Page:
The raphé nuclei are subdivided into the pons/mesencephalon area (dorsal raphé and median raphé nuclei) and the medulla oblongata (raphé magnus, raphé obscurus, and raphé pallidus) (Holtman et al., 1986). The former has ascending projections to forebrain structures, whilst the latter has descending projections to the brainstem and spinal cord (Holstege and Kuypers, 1987; Aldes et al., 1989; Jacobs et al., 2002). The raphé nuclei contain many serotonin-synthesizing neurons (Dahlstrom and Fuxe, 1964). In the raphé magnus, serotonergic neurons primarily project to the spinal cord and the trigeminal nuclei. In these areas the neurons are involved in the mediation of sensory control (Benarroch, 2014). The raphé obscurus and raphé pallidus project to motor and autonomic nuclei of the spinal cord and the medulla oblongata. These areas mediate respiration, thermoregulation, and cardiovascular function (Azmitia and Gannon, 1986; Holtman et al., 1986; Aldes et al., 1989). These anatomical projections suggest that medullary raphé serotonergic neurons mediate stress-induced physiological responses. In the case of stress-induced cardiovascular and thermoregulatory responses, pharmacological evidence supports the possible contribution of serotonergic neurons. Activation of the serotonin-1A receptor inhibits serotonin release (Gothert, 1990) in the medullary raphé and reduces cardiovascular changes (Nalivaiko et al., 2005) and thermogenesis (Kataoka et al., 2014) during stress. Inhibition of the serotonin-3 receptor in the nucleus tractus solitarius prevents the baroreflex modulation associated with the stress-defense response (Merahi and Laguzzi, 1995). However, there is little information concerning the possible contribution of medullary raphé serotonergic neurons in mediating stress-induced respiratory and locomotor changes. In stressful conditions, cardiovascular, respiratory, and thermoregulatory changes occur simultaneously and cooperate to enable fight-or-flight behavior (Kuwaki, 2011, 2015). Therefore, the simultaneous recording of these parameters is essential for the adequate assessment of the role of serotonergic neurons in stress-induced physiologic responses.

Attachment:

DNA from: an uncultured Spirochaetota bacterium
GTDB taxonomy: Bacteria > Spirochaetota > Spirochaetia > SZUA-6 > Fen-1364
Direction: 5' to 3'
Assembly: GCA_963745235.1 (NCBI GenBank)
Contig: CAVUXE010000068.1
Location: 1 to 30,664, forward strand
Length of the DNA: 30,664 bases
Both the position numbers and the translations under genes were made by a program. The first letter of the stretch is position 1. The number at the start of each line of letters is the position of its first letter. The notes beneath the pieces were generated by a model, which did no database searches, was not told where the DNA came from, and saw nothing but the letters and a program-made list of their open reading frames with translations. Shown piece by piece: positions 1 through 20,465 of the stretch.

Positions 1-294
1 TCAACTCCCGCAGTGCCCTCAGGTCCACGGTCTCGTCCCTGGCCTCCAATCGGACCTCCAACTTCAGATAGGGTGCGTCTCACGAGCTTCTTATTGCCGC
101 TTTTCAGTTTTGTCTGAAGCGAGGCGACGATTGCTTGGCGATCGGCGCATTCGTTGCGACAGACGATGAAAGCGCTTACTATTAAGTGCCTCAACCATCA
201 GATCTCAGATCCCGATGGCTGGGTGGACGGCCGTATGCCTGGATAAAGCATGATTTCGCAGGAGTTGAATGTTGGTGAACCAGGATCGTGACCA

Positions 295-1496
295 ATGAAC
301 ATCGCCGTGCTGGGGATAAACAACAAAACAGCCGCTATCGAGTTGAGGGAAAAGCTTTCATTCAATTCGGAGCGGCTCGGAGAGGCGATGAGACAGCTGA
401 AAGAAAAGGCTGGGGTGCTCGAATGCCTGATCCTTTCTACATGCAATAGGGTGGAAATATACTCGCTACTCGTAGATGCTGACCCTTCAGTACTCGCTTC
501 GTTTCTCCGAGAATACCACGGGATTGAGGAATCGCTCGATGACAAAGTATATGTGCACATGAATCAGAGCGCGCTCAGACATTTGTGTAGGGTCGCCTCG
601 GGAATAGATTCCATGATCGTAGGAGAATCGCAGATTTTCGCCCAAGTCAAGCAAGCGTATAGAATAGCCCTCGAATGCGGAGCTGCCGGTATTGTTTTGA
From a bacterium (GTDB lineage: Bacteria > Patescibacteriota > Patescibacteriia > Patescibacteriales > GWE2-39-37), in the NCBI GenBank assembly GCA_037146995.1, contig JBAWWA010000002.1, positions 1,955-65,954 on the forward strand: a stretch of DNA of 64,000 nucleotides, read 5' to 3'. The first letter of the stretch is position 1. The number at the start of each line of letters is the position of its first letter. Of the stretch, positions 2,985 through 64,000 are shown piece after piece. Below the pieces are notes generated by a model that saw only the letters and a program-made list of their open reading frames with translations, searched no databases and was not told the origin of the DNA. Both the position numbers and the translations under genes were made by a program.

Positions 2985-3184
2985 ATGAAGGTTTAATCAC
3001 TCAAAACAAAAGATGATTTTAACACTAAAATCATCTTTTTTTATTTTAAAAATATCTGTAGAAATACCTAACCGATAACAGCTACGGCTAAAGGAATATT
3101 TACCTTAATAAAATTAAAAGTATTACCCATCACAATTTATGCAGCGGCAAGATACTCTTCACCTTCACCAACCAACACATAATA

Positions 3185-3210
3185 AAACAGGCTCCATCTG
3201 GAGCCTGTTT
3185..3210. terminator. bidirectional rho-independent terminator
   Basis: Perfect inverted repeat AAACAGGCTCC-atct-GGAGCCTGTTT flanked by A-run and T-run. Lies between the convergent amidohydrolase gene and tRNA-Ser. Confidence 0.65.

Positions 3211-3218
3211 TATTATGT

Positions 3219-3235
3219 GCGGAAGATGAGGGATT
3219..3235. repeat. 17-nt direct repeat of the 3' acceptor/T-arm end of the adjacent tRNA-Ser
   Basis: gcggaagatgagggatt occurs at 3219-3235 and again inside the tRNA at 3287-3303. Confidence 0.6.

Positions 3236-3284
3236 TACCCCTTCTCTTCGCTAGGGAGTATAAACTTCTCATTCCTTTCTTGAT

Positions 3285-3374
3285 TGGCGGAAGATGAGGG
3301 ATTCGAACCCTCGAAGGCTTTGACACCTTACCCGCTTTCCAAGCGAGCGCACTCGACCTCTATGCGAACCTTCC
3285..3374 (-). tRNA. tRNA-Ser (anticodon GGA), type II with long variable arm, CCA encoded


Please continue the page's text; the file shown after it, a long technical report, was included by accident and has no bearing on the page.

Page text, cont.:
Traditional methods that utilize electrical or pharmacological activation/inactivation of neurons cannot selectively manipulate specific target neurons without affecting the surrounding, non-target, cell types. Increasing utilization of optogenetics has aided in the control of defined clusters of central neurons and thus, has allowed for improved differentiation of their roles in animal behavioral functionality (Yizhar et al., 2011). In this study, we used Tph2-tTA; TetO-ArchT mice, in which archaerhodopsin is selectively expressed in central serotonergic neurons, regulated via a tetracycline-controlled transcriptional activator (tTA) and tTA-dependent promoter (TetO). The archaerhodopsin from the Halorubrum strain TP009 is activated via illumination with green light and forms proton pumps that are suitable for complete silencing (Chow et al., 2010; Han et al., 2011; Okazaki and Takagi, 2013).